Ingredients to look for in a luxury hydrating serum
The goal of a hydrating serum is to improve your skin’s moisture retention, so Dr. Shamban says to look for formulas that contain polyglutamic acid (PGA), hyaluronic acid, glycerin, and urea, plus acids like ferulic, lactic, citric, and mandelic. All of these ingredients are humectants, meaning that they act like water magnets to draw moisture into the skin and lock it in under the surface.
“Panthenol is a solid humectant too, along with amino acids,” says Dr. Shamban. Additionally, aquaxyl (which is a patented compound of xylitylglucoside, xylitol and anhydroxylitol) “is a great source to work on balancing our internal water ‘reservoirs,’ such as our natural hyaluronic acid and ceramides, while helping the matrix function.” Another one she recommends is saccharide isomerate, which she says is a strong humectant that also acts as an emollient as it replenishes skin. “Aloe is a great, simple natural ingredient for dehydrated skin and it has added benefits of calming and soothing tired or sensitive skin as well,” she says
Keep reading to find out which hydrating serums are worth their higher price points, according to Dr. Shamban.
6 Best expensive hydrating serums
Dr. Shamban deems this serum “a winner” due to a powerful combination of peptides and vitamins A, C, and E. “It also features lactic acid, urea combined with jojoba, and ceramides in a thin formulation,” she says. This combination helps transport hydration and nutrition while soothing, smoothing, and strengthening the skin barrier—and never feels heavy or goopy in the process.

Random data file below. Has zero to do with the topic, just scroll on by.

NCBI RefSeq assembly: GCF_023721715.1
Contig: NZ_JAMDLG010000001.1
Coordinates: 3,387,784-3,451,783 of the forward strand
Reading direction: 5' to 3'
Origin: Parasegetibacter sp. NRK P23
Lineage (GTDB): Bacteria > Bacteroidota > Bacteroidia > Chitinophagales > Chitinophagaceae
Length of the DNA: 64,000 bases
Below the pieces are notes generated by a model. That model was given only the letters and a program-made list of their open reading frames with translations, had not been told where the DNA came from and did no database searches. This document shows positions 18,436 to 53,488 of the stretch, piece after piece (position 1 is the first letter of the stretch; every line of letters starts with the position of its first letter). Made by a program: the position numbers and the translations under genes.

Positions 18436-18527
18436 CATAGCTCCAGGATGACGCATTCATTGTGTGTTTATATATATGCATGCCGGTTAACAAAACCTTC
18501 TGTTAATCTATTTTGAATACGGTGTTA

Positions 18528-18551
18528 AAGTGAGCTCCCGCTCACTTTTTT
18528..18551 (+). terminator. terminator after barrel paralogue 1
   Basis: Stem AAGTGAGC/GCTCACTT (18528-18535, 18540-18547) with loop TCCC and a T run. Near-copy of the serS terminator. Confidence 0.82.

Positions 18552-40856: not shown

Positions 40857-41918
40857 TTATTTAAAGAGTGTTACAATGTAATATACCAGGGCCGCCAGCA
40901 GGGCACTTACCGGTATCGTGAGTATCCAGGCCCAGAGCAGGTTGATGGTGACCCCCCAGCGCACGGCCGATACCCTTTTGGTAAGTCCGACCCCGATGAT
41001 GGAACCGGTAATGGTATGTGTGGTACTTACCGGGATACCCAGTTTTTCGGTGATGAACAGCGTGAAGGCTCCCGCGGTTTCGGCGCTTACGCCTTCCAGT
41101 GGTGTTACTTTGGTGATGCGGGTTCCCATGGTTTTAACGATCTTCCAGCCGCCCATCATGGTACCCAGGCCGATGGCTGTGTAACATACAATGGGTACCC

Dr. Shamban loves this serum because it’s a lightweight moisture and hydration booster with ingredients like glycol, glycerin, green tea, honey, and sodium hyaluronate. Together, these ingredients fortify the skin barrier while also enhancing brightness.
According to Dr. Shamban, this QMS serum features a “nice balance of emollients, humectants, and hydrators to boost moisture levels and keep skin plump.” It also has a good range of glyceryl, which keeps skin soft; sodium hyaluronate, which helps with moisturizing and fights aging signs; and skin barrier-strengthening glycoproteins. “The linoleic acid and citric acid are great in tandem,” she adds.